Natural medicine from plants in the UK

Mowmow

Forager
Jul 6, 2016
145
57
Nottinghamshire
Basically, I am wondering if you good folk here at BCUK could enlighten me on natural medicines that can be found in the "bush" here in the UK. What species i'm after, how to collect and make it and what it treats plus the negative side effects.

Or recommend me some good reading.
So far google hasn't yielded much as it focuses on preppers growing herbs in the garden. Which i see the value of if you have access to seeds and non native plants but i'm thinking more traditionally english remedies "easily" found in the uk.

If theyre easy to identify and make use of such as willow, birch, and pine etc. Excellent.

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Janne

Guest
Feb 10, 2016
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Grand Cayman, Norway, Sweden
Remember that many plsnts in nature are also excellent eating, full of nutrients and loads of flavour!

My favourite is the humble stinging nettle. Superior to spinach.
And as a benefit if you ate getting old and have achey finger joints, the ’sting’ reduces the joint pain.
 

Toddy

Mod
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Jan 21, 2005
35,482
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S. Lanarkshire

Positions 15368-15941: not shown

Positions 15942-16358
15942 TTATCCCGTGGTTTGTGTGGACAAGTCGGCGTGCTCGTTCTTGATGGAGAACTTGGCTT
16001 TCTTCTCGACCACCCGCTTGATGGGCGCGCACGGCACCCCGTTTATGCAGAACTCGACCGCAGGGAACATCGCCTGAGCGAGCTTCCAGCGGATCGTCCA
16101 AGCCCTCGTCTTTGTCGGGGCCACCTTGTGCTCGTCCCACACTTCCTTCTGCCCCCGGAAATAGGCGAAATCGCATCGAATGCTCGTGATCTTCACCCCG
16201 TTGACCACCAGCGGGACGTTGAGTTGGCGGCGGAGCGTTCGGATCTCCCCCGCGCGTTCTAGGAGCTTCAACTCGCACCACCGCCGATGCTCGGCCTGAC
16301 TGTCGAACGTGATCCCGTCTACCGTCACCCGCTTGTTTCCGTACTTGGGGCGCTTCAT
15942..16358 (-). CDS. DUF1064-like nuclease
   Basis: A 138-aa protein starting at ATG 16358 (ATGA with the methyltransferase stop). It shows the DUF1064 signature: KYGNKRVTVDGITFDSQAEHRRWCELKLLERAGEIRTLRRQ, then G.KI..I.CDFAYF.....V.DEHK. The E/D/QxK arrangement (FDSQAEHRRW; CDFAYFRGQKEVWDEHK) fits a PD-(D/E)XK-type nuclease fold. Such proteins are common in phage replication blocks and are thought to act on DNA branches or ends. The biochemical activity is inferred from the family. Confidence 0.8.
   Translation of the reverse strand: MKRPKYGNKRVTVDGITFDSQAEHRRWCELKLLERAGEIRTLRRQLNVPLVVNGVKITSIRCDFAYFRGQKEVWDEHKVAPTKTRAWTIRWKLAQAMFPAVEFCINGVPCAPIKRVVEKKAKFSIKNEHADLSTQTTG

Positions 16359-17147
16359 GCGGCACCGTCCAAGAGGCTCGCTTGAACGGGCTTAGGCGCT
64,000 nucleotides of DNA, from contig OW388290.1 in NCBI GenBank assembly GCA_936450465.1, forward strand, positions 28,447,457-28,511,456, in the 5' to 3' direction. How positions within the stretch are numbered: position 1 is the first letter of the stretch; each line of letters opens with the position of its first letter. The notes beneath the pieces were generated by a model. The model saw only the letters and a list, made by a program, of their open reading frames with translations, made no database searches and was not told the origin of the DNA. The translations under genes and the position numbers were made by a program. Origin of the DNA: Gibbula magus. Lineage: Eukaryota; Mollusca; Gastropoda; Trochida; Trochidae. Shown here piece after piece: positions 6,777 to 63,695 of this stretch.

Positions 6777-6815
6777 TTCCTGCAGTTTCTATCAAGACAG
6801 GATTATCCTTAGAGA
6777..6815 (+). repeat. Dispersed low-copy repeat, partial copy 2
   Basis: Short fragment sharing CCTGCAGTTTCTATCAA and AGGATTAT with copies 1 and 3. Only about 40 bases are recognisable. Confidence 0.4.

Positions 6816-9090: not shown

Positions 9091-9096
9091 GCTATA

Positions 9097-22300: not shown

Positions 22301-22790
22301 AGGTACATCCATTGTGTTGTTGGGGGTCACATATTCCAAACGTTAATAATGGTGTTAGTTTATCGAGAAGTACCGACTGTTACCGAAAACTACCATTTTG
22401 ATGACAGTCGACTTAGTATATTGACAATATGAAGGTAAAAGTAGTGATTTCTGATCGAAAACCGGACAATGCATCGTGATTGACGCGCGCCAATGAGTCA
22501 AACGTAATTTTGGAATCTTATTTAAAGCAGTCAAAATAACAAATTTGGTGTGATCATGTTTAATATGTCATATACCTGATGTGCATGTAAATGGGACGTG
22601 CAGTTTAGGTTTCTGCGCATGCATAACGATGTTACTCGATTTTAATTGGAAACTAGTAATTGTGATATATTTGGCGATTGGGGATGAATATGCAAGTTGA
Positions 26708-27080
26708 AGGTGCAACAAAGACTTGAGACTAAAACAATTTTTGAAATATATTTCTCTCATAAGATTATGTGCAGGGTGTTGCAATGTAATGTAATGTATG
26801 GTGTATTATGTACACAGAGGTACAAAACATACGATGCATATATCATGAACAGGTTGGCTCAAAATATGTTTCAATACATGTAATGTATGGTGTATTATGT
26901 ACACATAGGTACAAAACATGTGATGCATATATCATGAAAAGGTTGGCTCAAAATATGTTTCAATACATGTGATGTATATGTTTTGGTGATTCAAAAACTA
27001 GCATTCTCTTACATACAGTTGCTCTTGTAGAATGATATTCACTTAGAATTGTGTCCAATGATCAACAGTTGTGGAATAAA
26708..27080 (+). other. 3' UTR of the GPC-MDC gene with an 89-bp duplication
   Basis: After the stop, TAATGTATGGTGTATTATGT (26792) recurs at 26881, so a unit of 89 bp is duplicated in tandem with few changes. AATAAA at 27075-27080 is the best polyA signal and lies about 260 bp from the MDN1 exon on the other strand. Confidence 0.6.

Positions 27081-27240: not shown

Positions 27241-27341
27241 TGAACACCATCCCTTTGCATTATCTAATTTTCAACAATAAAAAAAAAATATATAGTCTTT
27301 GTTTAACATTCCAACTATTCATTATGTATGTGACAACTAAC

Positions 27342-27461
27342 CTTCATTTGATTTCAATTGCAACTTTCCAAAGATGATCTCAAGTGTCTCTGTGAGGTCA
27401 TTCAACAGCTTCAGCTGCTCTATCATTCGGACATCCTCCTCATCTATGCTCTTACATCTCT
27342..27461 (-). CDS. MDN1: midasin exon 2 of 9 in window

.....just mind and eat them before the crystals form. Those aren't good for your kidneys.
Yes though, nettles are excellent for many reason :)

See, that's the thing about recommending herbal 'cures' and 'remedies'.
Yes, they work, but, and it's an enormous but, one has to be aware of the person, the issue to be helped, and the season and the source and quality of the plant.
What's available now, is not what is available a few months from now.
So, yes, coltsfoot for coughs, etc., but there is no coltsfoot just now....well, I have a couple of really dried out and withered leaves in a flower bed that give indication of where I'll be able to harvest in a few months, but unless one knows the area, and is aware through the seasons, then it's kind of barren just now.
I know where I have meadowsweet growing (natural aspirin, and the root is excellent against toothache) and the comfrey, tansy, mugwort, lungwort, etc., etc., but there's almost nothing to show of any of those, or plantain, goosegrass (I'm learning :rolleyes: regional names are funny to other folks) borage, mare's tail, selfheal....

There's also the issue that it's illegal to advise someone to take a herbal remedy when one is not a qualified medical herbalist....many of the herbs, like St John's Wort, are contra-indicated for some folks. Everybody's different, not everybody reacts the same way to herbal tinctures, potions, etc.,

And, the synergy of herbs comes into it too. If you add horehound to the coltsfoot, it's a better remedy, so that's two plants, but it's better yet if you also add liquorice or marshmallow.
Pity I can't use liquorice, it's a vasodilator and triggers migraines for me.

What does work though, is a list of ailments and folks add on the stuff that they themselves have used successfully.